Dealing with sandy soils

Get down and dirty growing your food...
Shadowgirlau
Posts: 2281
Joined: Sun Mar 30, 2008 4:57 pm

Dealing with sandy soils

Postby Shadowgirlau » Tue Apr 14, 2015 1:45 pm

Today it is relatively clear and it looks like the rain has left us for new areas. Maybe it has headed east?
Many of us inherit poor or very bad garden soil, the soil on my own property is sandy gravel with clay around a metre down. The soil here is water resistant and has no nutrients in it. It rained continuously all weekend yet when I went to plant some bulbs where I dug into it to do so, it was bone dry. We all know that ideally our soil should contain plenty of organic matter nutrients and water for plants to anchor them to the ground. Of course not all soils are the same and because much of Western Australia lies on ancient sand dunes, the soil is predominantly sand. Dealing with sandy soil can be tricky and to work with it can be very frustrating. I love the English cottage garden look but practicality needs to prevail as I'm dealing with sand and as I have discovered after many plant failures that trying to establish this style of garden is like pushing concrete up hill.

Sure sandy soil is well aerated and free draining and for the most part easy to dig unless like me you have a lot of gravel in it too, but on the down side if your soil is like mine then it also has no holding capacity which means it can't grab a hold of any of the nutrients you give it or hold on to moisture when it is watered or it rains either, damn!

The challenge to combat this for me has been to apply lots of surfactant based wetting agents and I seem to be constantly watering the garden with both a water wise liquid and dish liquid which help to break down the waxy coating that covers the sand and helps water to penetrate, This on its own isn't enough though and so I have had a continuous regime of adding organic matter to the soil in the form of sheep manure (just as well I have sheep), ground rock dust for mineral nutrients and trace elements, any compost I manage to produce ( a few shovel fulls in rotation around the garden) and mulch, lots of it. I like to use pea straw when I can get it, cover the garden with this and then sprinkle it with blood and bone to help it break down which it does quite quickly really and this also helps to feed the soil.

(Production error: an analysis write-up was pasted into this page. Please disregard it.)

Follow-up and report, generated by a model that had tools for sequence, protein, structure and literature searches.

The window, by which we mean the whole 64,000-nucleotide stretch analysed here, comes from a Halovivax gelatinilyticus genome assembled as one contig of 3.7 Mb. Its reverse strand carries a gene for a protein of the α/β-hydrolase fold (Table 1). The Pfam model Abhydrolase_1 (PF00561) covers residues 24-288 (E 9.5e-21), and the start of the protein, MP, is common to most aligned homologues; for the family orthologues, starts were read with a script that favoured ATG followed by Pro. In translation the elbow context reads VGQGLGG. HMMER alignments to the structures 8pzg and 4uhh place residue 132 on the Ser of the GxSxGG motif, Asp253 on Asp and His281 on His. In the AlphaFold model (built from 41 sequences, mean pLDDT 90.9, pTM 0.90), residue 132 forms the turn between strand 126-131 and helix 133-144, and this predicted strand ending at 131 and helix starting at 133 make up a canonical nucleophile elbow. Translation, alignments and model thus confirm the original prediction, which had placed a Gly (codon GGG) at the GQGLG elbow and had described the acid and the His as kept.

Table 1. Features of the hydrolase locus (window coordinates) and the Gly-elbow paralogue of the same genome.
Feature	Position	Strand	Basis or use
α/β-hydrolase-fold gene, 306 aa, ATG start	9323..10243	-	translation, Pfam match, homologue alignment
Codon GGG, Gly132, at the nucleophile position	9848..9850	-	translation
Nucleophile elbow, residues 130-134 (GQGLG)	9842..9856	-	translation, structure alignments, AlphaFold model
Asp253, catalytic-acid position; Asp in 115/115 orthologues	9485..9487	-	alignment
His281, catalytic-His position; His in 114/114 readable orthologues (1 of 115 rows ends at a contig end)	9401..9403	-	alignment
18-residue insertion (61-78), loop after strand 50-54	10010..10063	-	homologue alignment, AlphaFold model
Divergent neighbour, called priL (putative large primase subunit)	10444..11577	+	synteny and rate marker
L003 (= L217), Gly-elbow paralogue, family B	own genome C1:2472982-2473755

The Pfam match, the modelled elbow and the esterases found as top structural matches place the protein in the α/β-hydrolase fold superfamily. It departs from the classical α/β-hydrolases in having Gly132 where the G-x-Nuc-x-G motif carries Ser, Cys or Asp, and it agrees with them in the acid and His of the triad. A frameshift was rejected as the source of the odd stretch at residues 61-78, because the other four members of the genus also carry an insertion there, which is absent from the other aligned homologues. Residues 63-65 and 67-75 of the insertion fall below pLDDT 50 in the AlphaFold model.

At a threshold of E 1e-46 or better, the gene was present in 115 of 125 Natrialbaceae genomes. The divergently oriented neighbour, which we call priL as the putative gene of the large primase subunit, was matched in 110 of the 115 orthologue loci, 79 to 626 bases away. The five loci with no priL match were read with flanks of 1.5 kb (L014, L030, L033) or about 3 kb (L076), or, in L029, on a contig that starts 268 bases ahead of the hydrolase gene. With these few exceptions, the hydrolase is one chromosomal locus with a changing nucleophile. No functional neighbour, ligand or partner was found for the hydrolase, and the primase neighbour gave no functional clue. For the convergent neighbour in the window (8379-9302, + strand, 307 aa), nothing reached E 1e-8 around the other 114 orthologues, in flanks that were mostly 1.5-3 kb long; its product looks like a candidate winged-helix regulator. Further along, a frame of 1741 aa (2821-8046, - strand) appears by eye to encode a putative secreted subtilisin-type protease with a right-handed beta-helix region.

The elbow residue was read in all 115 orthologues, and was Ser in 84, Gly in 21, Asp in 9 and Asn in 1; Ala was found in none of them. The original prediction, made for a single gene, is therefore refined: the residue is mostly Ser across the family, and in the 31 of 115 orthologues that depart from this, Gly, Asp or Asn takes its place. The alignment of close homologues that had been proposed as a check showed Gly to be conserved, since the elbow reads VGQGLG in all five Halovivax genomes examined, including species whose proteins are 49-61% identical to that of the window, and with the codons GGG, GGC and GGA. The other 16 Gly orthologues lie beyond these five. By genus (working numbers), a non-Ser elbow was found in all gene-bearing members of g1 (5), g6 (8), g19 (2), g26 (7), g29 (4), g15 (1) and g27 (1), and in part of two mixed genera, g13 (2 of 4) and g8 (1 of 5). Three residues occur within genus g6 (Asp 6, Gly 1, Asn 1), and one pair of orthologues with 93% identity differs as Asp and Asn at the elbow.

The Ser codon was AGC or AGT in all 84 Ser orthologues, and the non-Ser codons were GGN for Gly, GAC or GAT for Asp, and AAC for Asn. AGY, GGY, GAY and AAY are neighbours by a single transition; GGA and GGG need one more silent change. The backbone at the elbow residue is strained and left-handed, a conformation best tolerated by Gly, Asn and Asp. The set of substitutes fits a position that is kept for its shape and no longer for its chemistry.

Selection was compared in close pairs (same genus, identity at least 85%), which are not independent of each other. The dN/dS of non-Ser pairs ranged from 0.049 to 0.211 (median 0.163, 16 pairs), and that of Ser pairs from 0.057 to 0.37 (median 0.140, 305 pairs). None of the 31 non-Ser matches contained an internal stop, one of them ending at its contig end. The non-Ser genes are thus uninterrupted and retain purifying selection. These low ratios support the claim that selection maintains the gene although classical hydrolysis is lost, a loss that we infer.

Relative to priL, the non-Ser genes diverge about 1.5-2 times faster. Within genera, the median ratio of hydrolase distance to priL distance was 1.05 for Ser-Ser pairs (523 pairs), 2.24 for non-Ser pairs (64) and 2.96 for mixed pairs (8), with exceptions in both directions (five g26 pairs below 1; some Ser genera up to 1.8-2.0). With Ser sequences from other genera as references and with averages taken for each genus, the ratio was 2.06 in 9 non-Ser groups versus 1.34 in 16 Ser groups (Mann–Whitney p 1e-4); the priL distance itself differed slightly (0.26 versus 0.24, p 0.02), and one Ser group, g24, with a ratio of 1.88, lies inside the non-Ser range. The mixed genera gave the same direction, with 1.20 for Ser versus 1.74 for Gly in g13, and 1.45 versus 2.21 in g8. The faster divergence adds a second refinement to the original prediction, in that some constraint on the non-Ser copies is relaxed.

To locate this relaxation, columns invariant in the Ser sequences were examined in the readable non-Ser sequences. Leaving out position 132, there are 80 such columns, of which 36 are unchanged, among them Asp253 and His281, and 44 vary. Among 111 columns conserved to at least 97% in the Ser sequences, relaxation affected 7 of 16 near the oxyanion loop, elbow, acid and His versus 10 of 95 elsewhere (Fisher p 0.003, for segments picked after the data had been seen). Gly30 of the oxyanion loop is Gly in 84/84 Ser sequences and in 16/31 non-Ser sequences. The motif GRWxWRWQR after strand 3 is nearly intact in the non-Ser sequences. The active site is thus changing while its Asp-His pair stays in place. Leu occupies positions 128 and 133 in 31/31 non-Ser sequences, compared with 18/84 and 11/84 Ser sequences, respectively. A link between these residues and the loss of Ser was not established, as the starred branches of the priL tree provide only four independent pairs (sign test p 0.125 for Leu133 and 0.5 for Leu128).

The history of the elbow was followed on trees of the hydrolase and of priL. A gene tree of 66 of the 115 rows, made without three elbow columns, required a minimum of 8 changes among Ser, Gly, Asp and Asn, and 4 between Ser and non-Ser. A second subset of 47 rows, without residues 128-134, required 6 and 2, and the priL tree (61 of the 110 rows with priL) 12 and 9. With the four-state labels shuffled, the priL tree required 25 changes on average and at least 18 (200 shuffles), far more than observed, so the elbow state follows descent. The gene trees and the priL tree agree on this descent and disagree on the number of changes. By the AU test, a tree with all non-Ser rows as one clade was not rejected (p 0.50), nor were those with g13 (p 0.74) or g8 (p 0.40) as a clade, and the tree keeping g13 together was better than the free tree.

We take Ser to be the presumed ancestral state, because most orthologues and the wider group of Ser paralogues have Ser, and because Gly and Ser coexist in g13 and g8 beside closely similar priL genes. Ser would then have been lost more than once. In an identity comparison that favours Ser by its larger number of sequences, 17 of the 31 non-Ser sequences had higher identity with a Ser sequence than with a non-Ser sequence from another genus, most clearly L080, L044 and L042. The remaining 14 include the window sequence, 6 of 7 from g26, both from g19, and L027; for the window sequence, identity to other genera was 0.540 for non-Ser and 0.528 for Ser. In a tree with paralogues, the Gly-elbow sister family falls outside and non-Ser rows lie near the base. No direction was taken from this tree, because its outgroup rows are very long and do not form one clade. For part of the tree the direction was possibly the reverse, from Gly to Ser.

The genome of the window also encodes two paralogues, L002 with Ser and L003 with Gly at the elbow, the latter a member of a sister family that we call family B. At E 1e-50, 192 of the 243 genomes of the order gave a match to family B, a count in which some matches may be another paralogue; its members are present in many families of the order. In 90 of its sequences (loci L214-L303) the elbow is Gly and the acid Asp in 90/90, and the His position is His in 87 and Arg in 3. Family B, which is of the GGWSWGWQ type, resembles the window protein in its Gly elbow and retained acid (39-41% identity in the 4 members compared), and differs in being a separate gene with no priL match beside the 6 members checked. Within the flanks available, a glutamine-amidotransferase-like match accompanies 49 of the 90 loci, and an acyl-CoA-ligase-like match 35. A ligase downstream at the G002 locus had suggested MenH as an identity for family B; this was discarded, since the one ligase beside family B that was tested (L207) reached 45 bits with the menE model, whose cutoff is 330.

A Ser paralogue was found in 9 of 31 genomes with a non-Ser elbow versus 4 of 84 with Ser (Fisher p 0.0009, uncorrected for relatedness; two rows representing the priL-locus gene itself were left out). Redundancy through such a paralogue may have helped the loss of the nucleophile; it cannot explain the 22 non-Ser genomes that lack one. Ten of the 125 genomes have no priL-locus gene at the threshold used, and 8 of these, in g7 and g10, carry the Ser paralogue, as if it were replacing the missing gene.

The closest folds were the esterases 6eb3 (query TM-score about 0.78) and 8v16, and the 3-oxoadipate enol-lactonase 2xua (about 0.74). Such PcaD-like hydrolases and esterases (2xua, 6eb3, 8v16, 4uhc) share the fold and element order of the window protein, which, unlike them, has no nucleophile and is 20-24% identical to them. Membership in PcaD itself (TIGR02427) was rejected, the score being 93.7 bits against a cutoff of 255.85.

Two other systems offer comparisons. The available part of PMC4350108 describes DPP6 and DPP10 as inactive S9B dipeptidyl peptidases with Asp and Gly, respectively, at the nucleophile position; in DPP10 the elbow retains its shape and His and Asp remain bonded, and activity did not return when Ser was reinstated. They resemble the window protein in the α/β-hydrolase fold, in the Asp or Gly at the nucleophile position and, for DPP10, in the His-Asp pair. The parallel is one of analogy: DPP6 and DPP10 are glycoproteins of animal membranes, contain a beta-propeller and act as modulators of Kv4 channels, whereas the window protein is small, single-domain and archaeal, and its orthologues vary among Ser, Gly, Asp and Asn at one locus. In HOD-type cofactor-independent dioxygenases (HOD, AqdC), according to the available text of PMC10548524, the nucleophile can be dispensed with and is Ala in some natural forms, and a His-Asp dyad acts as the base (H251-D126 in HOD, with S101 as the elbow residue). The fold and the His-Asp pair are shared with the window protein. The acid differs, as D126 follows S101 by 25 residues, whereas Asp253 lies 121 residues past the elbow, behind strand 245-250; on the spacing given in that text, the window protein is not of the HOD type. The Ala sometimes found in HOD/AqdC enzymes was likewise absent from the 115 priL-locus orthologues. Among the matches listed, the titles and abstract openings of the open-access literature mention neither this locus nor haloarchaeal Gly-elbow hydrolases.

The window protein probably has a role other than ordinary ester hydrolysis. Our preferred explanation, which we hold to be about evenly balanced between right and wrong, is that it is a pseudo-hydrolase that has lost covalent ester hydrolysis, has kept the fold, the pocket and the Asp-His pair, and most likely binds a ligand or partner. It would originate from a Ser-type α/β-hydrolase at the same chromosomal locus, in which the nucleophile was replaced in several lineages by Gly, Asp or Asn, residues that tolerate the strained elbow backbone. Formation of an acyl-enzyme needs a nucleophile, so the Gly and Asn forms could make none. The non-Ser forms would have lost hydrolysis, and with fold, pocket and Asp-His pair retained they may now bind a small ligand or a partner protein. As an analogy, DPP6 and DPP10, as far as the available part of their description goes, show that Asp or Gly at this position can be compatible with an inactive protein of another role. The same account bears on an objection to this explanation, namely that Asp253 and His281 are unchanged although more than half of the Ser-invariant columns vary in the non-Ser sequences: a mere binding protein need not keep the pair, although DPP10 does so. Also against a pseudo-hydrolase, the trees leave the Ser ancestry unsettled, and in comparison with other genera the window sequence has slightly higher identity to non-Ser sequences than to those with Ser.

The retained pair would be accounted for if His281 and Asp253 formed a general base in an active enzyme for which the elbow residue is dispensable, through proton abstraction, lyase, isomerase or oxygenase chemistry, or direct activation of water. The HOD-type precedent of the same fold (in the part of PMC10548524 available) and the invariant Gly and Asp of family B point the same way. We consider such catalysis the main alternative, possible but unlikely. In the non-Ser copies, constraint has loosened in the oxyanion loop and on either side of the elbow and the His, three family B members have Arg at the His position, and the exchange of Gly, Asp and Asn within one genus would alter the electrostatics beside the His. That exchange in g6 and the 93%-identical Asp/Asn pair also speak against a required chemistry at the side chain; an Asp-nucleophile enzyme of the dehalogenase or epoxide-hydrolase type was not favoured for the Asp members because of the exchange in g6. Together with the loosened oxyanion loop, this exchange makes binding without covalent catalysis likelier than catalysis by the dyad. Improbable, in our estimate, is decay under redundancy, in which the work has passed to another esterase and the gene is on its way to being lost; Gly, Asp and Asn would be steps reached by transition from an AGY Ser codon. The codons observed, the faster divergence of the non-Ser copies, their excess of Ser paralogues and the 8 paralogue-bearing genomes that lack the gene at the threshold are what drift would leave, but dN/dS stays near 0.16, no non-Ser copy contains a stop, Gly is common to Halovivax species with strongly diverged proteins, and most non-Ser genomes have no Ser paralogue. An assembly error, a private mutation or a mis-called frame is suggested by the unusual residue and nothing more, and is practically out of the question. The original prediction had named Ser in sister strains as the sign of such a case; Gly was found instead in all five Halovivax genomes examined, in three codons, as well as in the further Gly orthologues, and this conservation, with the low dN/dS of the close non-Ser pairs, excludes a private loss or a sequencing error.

Well rotted manures and compost will I'm told help me to improve my soil faster in some respects as it will add to the soils ability to hold onto the water it receives but at the same time it will not add much in the way of nutrients to the sandy soils. I discovered at a garden seminar I attended up in Perth given by Peter Colman ( I think it was)? some years ago now, that when amending sandy soils you need to watch the salt levels of the soil because compost & manures contain high levels of salt that could build up too high which isn't a good thing either if your living in an area with increasing salinity in the soil. The way to combat this is to use mainly plant based compost and add sphagnum peat to it as this has the lowest levels of salt in it. Sphagnum peat is too expensive for me really which is why I rely mainly on the compost and pea straw with manures methods myself.

When we moved to this property 7 years ago the soil was very very poor, not a worm in sight anywhere at all, no frogs, didn't hold water, and only the weeds grew. Over the 7 years it has improved slowly. Still lacks some water holding ability but I now have frogs living in the garden and have found worms making their home here too so I must be doing something right.

When I first began to establish a garden here I added buckets and buckets of a product called Sand to Soils and I have to say that it doesn't seem to have made any difference really as in the end it seems to have been my continual rotation of adding compost and mulches to the soil along with manures that has made the most difference as the areas of the garden that have been treated with sand to soils are not as improved as those that have not and have been treated with the latter method.

My garden of my dreams remains what seems like a long way off to me due to my physical limitations though I am getting there slowly if I look back on the photos I have taken over these past few years.
Perseverance seems to be the word for me, I am going to work on improving the front of the garden this year as I aim to mass plant salvias along the driveway and develop a rose garden under planted with a few other shrubs. To this end I have been preparing the rose garden area with lots of well rotted manures and have planted a cover crop in the rose circle to add organic matter and increase the nitrogen in it.
Now to go and plan my planting guide

Happy Gardening :mrgreen:
Life is what happens to you while you're busy making other plans.
- John Lennon

Return to “Aussie Gardening - Growing your own food”

Who is online

Users browsing this forum: No registered users and 1 guest

cron